On a gray afternoon last April, 6-ft. 10-in. Crimson basketball center Bob McCabe leaned on his bike in the empty doorway of unfinished Briggs Cage.
Four construction workers scurried about inside, doing their small part to complete the remodeling of the facility in time to make it the new home of Harvard hoop for the start of the 1981-82 season.
"Don't look too good," I mumbled to the bemused McCabe, who was staring intently at the activity inside. "Not good at all."
McCabe kept looking at the construction, didn't turn my way at all. "It'll get done. At least they better finish it," he said, practically spitting out the words.
In order to understand the tenor of McCabe's response, you've got to understand what most people consider the importance of Briggs Cage to the future of basketball at Harvard.
For Briggs Cage is God.
It is--or was--or still is--the facility that is supposed to fuel the regeneration of Crimson roundball. The new-old arena with the magical, suspended on air, removeable astroturf carpet suitable for winner baseball practice is supposed to lure big-time high school players and biggertime college teams to Harvard basketball.
"After all," it has been asked. "Why would a team like Texas come to the IAB?"
But now, as the word has gotten around that those four workmen--because of a strike--won't get around to finishing Briggs until January or (gulp) even late March, pre-season attention has shifted from the arena to the team that will eventually play there.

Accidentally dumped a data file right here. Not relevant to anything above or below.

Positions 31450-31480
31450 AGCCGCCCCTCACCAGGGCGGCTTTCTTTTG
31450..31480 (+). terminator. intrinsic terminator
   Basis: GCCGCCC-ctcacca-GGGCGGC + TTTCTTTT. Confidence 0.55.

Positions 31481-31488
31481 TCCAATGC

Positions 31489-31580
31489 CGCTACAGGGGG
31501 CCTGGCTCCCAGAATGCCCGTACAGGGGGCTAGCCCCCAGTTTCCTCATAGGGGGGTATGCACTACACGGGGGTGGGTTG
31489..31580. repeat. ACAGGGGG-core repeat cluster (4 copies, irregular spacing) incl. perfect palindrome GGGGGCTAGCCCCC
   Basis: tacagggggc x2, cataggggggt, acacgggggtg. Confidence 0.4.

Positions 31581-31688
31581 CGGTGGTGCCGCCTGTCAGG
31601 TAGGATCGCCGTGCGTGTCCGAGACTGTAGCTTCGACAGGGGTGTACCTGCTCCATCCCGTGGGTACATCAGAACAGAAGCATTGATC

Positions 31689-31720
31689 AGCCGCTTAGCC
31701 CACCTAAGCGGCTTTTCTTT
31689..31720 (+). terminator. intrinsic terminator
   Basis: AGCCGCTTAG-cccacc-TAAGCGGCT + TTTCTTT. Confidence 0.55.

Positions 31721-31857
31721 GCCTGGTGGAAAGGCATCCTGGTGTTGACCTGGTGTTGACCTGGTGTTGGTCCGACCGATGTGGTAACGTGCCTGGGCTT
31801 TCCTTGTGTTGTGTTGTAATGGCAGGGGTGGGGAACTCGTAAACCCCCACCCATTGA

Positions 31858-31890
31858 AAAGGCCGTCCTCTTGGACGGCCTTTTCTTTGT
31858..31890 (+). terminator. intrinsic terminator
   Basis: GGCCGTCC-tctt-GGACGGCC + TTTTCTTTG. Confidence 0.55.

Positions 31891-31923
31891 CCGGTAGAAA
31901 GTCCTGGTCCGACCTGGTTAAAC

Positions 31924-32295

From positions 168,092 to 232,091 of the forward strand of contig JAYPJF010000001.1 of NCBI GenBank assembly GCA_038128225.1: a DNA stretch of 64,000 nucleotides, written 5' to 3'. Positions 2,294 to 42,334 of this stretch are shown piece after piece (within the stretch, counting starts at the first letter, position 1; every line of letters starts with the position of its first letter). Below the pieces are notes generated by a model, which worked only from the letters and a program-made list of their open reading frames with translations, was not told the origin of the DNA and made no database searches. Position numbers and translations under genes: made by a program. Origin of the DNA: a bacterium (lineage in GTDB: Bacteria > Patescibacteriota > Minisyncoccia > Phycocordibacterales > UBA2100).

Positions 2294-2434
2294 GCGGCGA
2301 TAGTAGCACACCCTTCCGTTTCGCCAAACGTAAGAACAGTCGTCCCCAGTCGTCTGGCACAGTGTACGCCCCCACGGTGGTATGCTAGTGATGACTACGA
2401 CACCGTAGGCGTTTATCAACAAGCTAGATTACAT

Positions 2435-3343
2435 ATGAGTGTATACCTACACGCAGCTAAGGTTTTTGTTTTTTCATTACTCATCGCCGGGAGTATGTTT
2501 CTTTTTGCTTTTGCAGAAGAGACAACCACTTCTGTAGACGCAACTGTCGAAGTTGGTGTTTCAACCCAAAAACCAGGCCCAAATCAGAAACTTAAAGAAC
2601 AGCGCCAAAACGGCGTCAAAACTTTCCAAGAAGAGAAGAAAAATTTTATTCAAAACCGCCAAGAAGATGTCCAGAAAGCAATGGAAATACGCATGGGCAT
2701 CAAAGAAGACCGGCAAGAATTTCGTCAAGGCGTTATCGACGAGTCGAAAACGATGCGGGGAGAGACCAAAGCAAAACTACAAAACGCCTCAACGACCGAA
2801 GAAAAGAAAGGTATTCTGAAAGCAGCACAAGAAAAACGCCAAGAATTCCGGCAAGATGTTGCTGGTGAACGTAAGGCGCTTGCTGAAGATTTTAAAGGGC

And what people are starting to realize is that that hoped for rebirth has already been accomplished. Coach Frank McLaughlin has built a damn good squad in the musty confines of the half-century old IAB.
Consequently, few Crimson players are all that upset. They're disappointed, to be sure, but prefer to look ahead to the season to come.
Senior guard Robert Taylor harbors a greater affinity for the IAB than most players on the squad, but his reaction to the postponed opening date (how does November 1982 grab you?) was fairly typical. "There's nothing wrong with the IAB at all. It's just that people don't like climbing four flights of stairs. As a player, the IAB is just fine for me."
Point guard Calvin Dixon--who can dribble in the IAB as well as he would be able to in the new arena--has adjusted easily to the delay, if a little less enthusiastically than Taylor. "I was really excited about playing Stanford in the opening game in Harvard's new arena," he said, "but then I asked when it would be ready, and when I heard late March or something like that, I just chalked it up to 'wait till next year."
But the situation will likely affect Donald Fleming--the senior swingman who has done so much for Harvard basketball, the captain who holds the school's all-time scoring record--more than anyone else. More than McLaughlin, more than any of the sophomores or juniors on the squad, even more than Bob Ferry, the highly touted freshman guard who came to Harvard from Washington's De Matha High partly because of Briggs Cage. Because this is Flemings last year, and he's been waiting a long time.
"I feel bad about it. It's my last year, the team has a real chance to win the Ivy League championship, and we would have had a new gym. Even if we just get a chance to play a couple games down there it'd be nice..." His voice trails off.
Even Fleming really doesn't seem to mind, though, and he manages to find a little humor in the situation. "It'll just be embarrassing playing a big team like Texas in the (IAB)," he said. "Man, they're going to laugh, they're just going to laugh."
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